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Five million Americans suffer from Alzheimer’s disease and dementia—many of them alone in nursing homes. A man with a simple idea discovers that songs embedded deep in memory can ease pain and awaken these fading minds. Joy and life are resuscitated, and our cultural fears over aging are confronted.
A powerful documentary that sheds some light on what really happened at the Fukushima nuclear power plant after the 2011 earthquake and the tsunami that immediately followed.
A powerful documentary – shot from March 11th, 2011 through March 2015 – that sheds some light on what really happened at the Fukushima nuclear power plant after the 2011 earthquake and the tsunami that followed.
Renowned filmmakers D A Pennebaker and Chris Hegedus follow determined animal rights activist Steven Wise into the courtroom for an unprecedented battle that seeks to utilize the writ of habeas corpus to expand legal “personhood” to include certain animals. Wise’s unusual plaintiffs—chimpanzees Tommy and Kiko, once famed showbiz stars—are now living in filth, struggling to survive. Wise and his impassioned legal team take us into the field, revealing gripping evidence of such abuse and plunging us into the intricacies of their case as they probe preconceived notions of what it means to be a non-human animal.
Documentary filmmakers assert that Anthony Porter – a former death-row inmate who was spared the death penalty thanks to the efforts of a college journalism program – was actually guilty, and an innocent man was sent to prison.
A story of two coalitions – ACT UP and TAG (Treatment Action Group) – whose activism and innovation turned AIDS from a death sentence into a manageable condition. Despite having no scientific training, these self-made activists infiltrated the pharmaceutical industry and helped identify promising new drugs, moving them from experimental trials to patients in record time.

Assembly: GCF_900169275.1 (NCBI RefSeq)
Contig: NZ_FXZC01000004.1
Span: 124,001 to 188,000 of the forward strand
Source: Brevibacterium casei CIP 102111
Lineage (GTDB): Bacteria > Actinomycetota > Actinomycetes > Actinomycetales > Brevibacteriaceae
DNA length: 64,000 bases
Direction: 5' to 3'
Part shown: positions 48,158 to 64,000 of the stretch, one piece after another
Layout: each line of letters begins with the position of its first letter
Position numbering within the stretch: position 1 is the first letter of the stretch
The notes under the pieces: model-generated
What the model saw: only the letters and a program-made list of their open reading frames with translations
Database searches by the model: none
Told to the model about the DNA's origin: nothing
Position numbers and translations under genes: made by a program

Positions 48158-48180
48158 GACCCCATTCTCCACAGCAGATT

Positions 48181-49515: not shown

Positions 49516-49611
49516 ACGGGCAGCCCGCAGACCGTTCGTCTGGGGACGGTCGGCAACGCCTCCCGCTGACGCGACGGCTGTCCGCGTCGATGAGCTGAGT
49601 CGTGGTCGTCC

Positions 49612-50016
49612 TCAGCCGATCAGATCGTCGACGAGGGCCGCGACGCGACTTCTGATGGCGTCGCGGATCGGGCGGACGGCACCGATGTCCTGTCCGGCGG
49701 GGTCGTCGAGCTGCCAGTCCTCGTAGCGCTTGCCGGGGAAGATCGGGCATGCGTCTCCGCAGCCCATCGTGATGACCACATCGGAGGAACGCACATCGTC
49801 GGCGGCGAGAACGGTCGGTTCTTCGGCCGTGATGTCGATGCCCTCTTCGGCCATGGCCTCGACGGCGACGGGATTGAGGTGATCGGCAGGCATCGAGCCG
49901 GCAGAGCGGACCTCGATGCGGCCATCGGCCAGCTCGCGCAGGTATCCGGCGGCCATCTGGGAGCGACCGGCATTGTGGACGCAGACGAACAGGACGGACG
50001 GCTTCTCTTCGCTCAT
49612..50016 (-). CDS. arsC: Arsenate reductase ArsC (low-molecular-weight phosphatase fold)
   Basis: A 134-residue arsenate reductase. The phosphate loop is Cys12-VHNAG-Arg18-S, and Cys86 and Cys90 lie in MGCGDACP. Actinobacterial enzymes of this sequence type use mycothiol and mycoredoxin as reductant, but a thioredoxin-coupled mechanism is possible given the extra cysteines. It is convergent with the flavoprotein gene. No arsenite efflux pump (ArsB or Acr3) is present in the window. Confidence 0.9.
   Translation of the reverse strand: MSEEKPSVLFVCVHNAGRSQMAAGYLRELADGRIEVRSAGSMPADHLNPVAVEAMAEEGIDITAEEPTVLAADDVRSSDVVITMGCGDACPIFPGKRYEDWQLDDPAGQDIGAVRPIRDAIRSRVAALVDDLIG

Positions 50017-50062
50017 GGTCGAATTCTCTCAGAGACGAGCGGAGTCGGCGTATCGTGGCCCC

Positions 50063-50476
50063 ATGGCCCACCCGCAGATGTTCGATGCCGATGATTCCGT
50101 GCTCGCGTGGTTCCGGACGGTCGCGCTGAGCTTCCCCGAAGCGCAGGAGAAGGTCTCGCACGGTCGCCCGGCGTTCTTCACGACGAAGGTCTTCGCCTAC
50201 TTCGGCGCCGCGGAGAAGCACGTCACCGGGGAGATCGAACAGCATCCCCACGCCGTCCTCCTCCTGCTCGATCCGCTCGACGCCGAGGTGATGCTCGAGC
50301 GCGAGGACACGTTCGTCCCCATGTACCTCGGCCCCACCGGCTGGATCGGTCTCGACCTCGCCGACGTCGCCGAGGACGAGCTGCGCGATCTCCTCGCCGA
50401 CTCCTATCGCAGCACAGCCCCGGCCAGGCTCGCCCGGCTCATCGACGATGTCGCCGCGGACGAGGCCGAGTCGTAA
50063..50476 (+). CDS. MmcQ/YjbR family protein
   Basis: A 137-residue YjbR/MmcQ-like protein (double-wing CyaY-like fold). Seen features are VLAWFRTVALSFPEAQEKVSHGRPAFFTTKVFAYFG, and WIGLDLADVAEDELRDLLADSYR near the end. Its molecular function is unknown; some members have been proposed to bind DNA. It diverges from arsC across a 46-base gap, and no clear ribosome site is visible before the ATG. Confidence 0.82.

Through riveting and candid conversation, Noam Chomsky, regarded as one of the most important intellectuals alive today, provides the definitive discourse on the “Two Americas.” Filmed over the course of four years, the Chomsky interviews expose how a half-century of policies have created a state of unprecedented economic inequality: concentrating wealth in the hands of a few at the expense of everyone else. At times deeply personal, these interviews take a closer look at Chomsky’s own activism and political involvement as well as diving into his profound insight on the death of the middle class and the end of functioning democracy. Requiem For the American Dream provides a unique opportunity to introduce Chomsky to a broader audience and to widen the discussion regarding events that deeply impact all of our lives.
Based on the bestselling book by Andrew Ross Sorkin, ‘Too Big to Fail’ offers an intimate look at the epochal financial crisis of 2008 and the powerful men and women who decided the fate of the world’s economy in a matter of a few weeks.
After the collapse of the Soviet Union, Ukraine’s social and political institutions faced massive change, including an increasingly corrupt government and crippled infrastructure. A number of the nation’s youth wound up homeless and addicted to a lethal cocktail of injected cold medicine and alcohol. In the early 2000s a pastor from Mariupol named Gennadiy Mokhnenko took up the fight against child homelessness by forcibly abducting street kids and bringing them to his Pilgrim Republic rehabilitation center—the largest organization of its kind in the former Soviet Union. Gennadiy’s ongoing efforts and unabashedly tough love approach to his city’s problems has made him a folk hero for some, and a lawless vigilante to others. Despite criticism, Gennadiy is determined to continue his work.